Francisco Franklin has recurring images coursing through his mind: a woman palming tortillas over a steel drum, a musician with his instrument, cherubs, mountains. These are the faces, landscapes and imaginations he grew up seeing as a kid in Sonora, which he came to appreciate and make visceral connections with.

“I had the most extraordinarily beautiful childhood you could ever have,” said the 70-year-old Franklin.

For more than 50 years, Franklin has translated his cherished childhood images into his art — paintings, stone carvings, woodwork. Untrained in any art school but schooled by his will and creativity, Franklin’s artworks not only mirror his inner thoughts and recollections, but also our rich, colorful Southwestern border culture.

The woman with long black hair and a light-blue shawl over her shoulders making tortillas is the nana from Magdalena, Sonora, or from South Tucson. The mariachi is the same one heard at restaurants in Nogales, Sonora, or at Tucson street festivals. And the cherubs are the universal angels crossing the border — north and south, unimpeded.

“It’s all a reflection of my life in Sonora,” said Franklin, who was born in Tucson, then raised in his first 14 years on a ranch between Caborca and the coastal Seri village of El Desemboque. He was home-schooled and read biographies of artists.

Franklin, who eschews exhibiting his art in most galleries, has a small following of devoted fans who appreciate his rainbow palette, the human warmth in his art — whimsical, poignant and melancholy — and his passion.

His works are “very much about the Southwest,” said Heidi Baldwin, a Tucson Realtor who has known Franklin for 30 years and collects his art.

Adrienne Halpert, owner of Global Arts Gallery in Patagonia, one of the few galleries to carry Franklin’s art, cites his vision as one of his artistic strengths. She calls him a “treasure.”

“He has a song to sing and he’s been singing it,” said Halpert, who has carried his art for nearly 10 years. “When someone is committed to that vision, that person is an artist.”

Franklin’s Chicago-born parents came to Tucson shortly before the outbreak of global war. His father served in the military during World War II and after his discharge, couldn’t cope with life in Tucson. He moved the family to Sonora, where he ranched and where the young Francisco was nurtured.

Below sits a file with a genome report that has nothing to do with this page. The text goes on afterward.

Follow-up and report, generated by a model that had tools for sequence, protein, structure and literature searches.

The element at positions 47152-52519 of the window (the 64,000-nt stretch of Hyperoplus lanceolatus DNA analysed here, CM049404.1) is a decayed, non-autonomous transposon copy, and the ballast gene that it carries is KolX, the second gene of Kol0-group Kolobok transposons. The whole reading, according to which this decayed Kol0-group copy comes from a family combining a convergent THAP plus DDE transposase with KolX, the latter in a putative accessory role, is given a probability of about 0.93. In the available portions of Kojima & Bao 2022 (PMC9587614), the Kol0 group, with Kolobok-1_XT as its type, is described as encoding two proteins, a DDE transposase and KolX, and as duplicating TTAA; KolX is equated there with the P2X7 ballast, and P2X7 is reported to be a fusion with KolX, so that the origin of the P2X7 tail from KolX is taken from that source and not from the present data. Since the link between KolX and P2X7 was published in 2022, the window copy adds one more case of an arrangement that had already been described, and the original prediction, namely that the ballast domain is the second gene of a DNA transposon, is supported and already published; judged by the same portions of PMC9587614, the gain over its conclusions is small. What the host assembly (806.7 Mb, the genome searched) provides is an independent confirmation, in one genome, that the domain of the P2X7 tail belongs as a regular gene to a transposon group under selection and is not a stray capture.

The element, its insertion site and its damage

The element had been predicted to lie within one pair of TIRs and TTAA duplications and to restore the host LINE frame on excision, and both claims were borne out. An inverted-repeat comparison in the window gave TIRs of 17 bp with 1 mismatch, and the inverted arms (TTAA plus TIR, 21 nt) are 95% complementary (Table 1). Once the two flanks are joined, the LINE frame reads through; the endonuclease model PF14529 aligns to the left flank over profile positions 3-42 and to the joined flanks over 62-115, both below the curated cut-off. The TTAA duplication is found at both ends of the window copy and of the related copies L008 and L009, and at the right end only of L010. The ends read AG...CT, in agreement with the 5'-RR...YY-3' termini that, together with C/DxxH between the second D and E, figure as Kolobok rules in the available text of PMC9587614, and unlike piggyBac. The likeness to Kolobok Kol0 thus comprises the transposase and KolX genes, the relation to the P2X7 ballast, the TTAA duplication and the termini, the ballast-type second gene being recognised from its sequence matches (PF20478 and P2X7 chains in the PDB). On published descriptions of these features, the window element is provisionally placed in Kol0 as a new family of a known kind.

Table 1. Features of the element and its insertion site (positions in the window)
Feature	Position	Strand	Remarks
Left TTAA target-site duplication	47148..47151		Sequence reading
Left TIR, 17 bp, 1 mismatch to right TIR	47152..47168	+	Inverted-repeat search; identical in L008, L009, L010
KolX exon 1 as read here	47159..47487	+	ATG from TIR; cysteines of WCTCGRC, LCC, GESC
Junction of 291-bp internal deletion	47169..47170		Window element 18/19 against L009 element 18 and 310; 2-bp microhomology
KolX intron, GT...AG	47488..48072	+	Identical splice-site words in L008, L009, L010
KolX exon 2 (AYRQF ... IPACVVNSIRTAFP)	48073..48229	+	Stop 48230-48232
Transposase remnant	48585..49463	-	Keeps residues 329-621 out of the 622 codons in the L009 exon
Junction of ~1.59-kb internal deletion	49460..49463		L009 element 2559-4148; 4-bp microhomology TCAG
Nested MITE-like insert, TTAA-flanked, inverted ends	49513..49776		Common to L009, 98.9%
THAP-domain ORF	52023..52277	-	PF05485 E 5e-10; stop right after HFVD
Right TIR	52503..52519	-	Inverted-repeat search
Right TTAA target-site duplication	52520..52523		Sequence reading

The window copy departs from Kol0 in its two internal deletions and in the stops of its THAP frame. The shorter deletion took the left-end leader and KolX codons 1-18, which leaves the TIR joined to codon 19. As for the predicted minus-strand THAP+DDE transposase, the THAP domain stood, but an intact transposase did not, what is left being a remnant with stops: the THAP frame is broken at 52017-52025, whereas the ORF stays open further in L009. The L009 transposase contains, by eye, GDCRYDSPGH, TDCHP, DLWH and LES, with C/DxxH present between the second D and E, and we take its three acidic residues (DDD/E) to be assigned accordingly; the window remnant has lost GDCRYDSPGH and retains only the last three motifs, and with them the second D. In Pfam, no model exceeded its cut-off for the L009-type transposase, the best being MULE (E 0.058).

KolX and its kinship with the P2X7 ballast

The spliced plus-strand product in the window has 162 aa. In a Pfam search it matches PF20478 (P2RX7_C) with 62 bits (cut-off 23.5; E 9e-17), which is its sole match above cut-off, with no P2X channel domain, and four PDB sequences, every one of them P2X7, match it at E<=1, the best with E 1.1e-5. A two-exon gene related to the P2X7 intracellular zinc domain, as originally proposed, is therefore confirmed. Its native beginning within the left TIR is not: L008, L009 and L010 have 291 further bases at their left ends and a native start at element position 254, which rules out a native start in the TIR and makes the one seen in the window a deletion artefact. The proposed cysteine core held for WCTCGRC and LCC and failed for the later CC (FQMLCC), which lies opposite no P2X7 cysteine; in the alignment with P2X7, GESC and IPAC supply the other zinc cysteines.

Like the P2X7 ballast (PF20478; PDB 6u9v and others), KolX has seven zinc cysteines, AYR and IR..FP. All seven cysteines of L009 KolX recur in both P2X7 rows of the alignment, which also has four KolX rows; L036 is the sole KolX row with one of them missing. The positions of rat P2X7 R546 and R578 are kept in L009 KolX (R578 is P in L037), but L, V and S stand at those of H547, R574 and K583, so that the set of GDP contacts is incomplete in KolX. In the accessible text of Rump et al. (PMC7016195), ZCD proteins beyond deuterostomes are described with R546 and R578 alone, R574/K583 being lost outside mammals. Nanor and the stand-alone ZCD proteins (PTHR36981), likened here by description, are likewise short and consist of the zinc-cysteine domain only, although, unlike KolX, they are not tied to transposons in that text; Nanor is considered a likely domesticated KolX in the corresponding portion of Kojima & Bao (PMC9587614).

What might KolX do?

“They accepted me,” he said of the Sonorenses. In the self-sufficient, respectful families in rural 1950s Sonora, he saw grace, dignity and “old regal manners.” He learned how industrious the people were because they could “make beautiful things with no tools.”

“I learned you can do a lot with very little,” said Franklin, who is bilingual, during a visit to his midtown home that doubles as his studio. He recently moved there after living for 30 years in Barrio Anita, where some of his art can be seen on exterior walls.

He was 15 when he “consciously” turned to painting because he wanted to create beautiful things. But in the course of learning and teaching himself, he endured a period of personal struggles, alcoholism, and life in the military after being drafted in the early 1960s.

He traveled and lived in Europe — Sweden, France, Germany and Iceland — adding balance and perspective during the years he pursued his ambition.

“I called myself an artist before I was,” said Franklin, in a low, soothing voice. When he made another deliberate decision — to give up drinking — he immersed himself in his art, which has been a rewarding but solitary life.

His small house is filled with his works, including tables he crafted and carvings made from limestone that he gets in east-central Texas. Outside he has a small work space where he does his woodworking, including making all the frames for his paintings.

In the backroom of the house, several paintings stand upright in the corner. Brushes and paints cover a table, and a cherub-adorned box, a work in progress, sits in the middle. Next to the box, on an easel, is a painting of Our Lady of the Immaculate Conception. The son of atheists, Franklin paints religious figures in honor of the strong faith that the Sonorans exhibited in the face of adversity.

Among his favorite subjects are mariachis “for their vigorous passion for life,” he said. But his most common images are of women — the familiar archetype goddess, mother and Madonna, said Halpert.

Franklin says he recognizes the limitations of his artistic talents, but that he supplants what he lacks with emotion. He says painting is like “finding his way through the dark.” From that dark room burst bright colors and vivid images.

He works at his art with focus. It’s his life. He creates what he sees in his bank of memories and in the life around him. And he strives to create beauty as he knows it — and remembers it.

Ernesto Portillo Jr. is editor of La Estrella de Tucsón. He can be reached at 573-4187 or netopjr@tucson.com. On Twitter: @netopjr